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Humboldt County Measure S is a marijuana cultivation tax of $1 - $3 per square foot. The cultivation tax may be repealed or amended by the Board of Supervisors in a manner that does not result in an increase in the amount of the tax or broaden the scope of the tax without voter approval. 


Since the spring of 2021, wholesale cannabis prices have collapsed and may not recover anytime soon. As a result, Humboldt's cannabis industry is in jeopardy if nothing changes, with rippling outward effects on Humboldt's economy and community at large. 

High taxes target legal and regulated farmers, encouraging the unregulated market and discouraging legal cultivation and sales. 

Humboldt's Measure S tax is an "entitlement tax" paid by permitted cannabis farmers for the "right to cultivate." No other crop in California is singled out in this manner and subjected to an individual tax by a county. 


Measure S was written in 2016 when wholesale prices were triple what they are now. But the tax rate is based on square footage, not market prices, and remains the same even when farmers' incomes dry up. 

Every other significant cost facing farmers has remained the same or increased compared with before the market collapse. At $161/pound, the state cultivation tax alone is now at an effective rate of 50% or more and recently increased due to inflation. Likewise, state licensing fees, county staff time fees, and the cost of meeting required approval conditions have remained the same or increased due to inflation through the market collapse.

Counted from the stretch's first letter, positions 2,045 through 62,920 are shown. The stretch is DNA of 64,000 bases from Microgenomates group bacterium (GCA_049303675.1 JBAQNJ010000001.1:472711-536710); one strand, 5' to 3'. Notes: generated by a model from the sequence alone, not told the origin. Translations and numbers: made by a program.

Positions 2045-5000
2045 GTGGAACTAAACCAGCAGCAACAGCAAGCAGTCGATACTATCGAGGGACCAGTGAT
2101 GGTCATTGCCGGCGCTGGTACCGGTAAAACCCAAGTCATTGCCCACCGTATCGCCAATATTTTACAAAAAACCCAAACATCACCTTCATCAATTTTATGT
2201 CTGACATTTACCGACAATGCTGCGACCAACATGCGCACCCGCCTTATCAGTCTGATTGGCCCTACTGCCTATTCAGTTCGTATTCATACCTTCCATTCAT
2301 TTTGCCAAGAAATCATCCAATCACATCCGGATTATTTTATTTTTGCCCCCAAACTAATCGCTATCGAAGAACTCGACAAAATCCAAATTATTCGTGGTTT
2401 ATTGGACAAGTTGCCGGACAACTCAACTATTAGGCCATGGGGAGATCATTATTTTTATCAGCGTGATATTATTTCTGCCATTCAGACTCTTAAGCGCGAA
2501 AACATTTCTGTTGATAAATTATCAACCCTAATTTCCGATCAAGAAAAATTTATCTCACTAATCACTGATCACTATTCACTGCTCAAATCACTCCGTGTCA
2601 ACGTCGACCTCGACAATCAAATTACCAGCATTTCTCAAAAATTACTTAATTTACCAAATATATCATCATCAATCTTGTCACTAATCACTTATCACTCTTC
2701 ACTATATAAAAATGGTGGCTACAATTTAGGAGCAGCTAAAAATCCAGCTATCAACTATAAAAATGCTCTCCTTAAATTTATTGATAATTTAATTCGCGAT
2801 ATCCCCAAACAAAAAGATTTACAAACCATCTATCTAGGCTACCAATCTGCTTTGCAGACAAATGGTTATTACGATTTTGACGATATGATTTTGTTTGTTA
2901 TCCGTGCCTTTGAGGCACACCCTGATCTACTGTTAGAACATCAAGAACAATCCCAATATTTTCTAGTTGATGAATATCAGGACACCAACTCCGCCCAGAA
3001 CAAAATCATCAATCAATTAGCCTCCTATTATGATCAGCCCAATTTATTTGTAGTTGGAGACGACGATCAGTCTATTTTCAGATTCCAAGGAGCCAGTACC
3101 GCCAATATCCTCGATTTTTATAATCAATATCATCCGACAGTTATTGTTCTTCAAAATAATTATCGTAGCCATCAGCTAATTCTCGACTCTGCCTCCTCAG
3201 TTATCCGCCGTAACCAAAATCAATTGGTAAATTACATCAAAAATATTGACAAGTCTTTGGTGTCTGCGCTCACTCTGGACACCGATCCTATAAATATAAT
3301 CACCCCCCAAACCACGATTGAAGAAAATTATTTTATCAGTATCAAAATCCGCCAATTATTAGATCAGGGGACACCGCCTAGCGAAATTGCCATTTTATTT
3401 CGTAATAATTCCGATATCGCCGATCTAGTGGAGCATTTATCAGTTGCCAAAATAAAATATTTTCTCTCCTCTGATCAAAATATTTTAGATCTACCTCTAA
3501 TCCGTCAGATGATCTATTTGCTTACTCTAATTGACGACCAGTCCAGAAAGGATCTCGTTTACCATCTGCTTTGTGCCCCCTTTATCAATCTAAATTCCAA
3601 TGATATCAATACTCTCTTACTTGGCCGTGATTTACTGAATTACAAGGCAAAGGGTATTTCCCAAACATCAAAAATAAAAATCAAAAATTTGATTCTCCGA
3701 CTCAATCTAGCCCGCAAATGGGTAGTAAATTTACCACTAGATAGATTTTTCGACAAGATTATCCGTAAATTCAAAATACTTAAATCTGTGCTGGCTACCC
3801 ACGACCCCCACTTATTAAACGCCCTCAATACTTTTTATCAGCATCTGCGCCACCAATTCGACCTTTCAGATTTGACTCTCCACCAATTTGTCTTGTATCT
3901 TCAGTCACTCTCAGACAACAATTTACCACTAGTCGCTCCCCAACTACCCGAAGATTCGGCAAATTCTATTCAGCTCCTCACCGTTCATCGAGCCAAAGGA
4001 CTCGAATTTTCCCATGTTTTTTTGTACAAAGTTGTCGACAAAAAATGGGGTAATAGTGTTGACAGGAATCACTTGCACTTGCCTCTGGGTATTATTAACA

Like San Francisco and Oakland, other jurisdictions are now looking at tax suspensions and reforms in response to unsustainable market conditions.


The county must take action now, before the following tax payments are due on March 15, 2022.


Suspend the Measure S tax for two years to provide stability to Humboldt farmers in the midst of market collapse.


  • Forgive the October 2021 tax payment.

  • Waive the March 2022 payment.

  • Suspend the tax for an additional year.




  • Following the two-year suspension, consider a significant reduction in the Measure S tax rate. 

  • Provide larger tax breaks to outdoor farms and farms which are 10,000 square feet or less total.




  • Levy the tax based on production, either a flat rate per pound sold or as a percentage of gross receipts. Currently, farmers are taxed at a flat rate per square foot regardless of market prices, crop loss, ability to sell products, or the ability of a distributor to pay. Alternatively, if the square footage tax is maintained, establish a process for tax refunds/credits based on crop loss or failure to make a sale. 

  • Establish separate tax brackets for mixed-light 1 and mixed-light 2 cultivation. Currently, all mixed-light cultivation is taxed at the same rate, despite vast differences in energy usage and production capacity.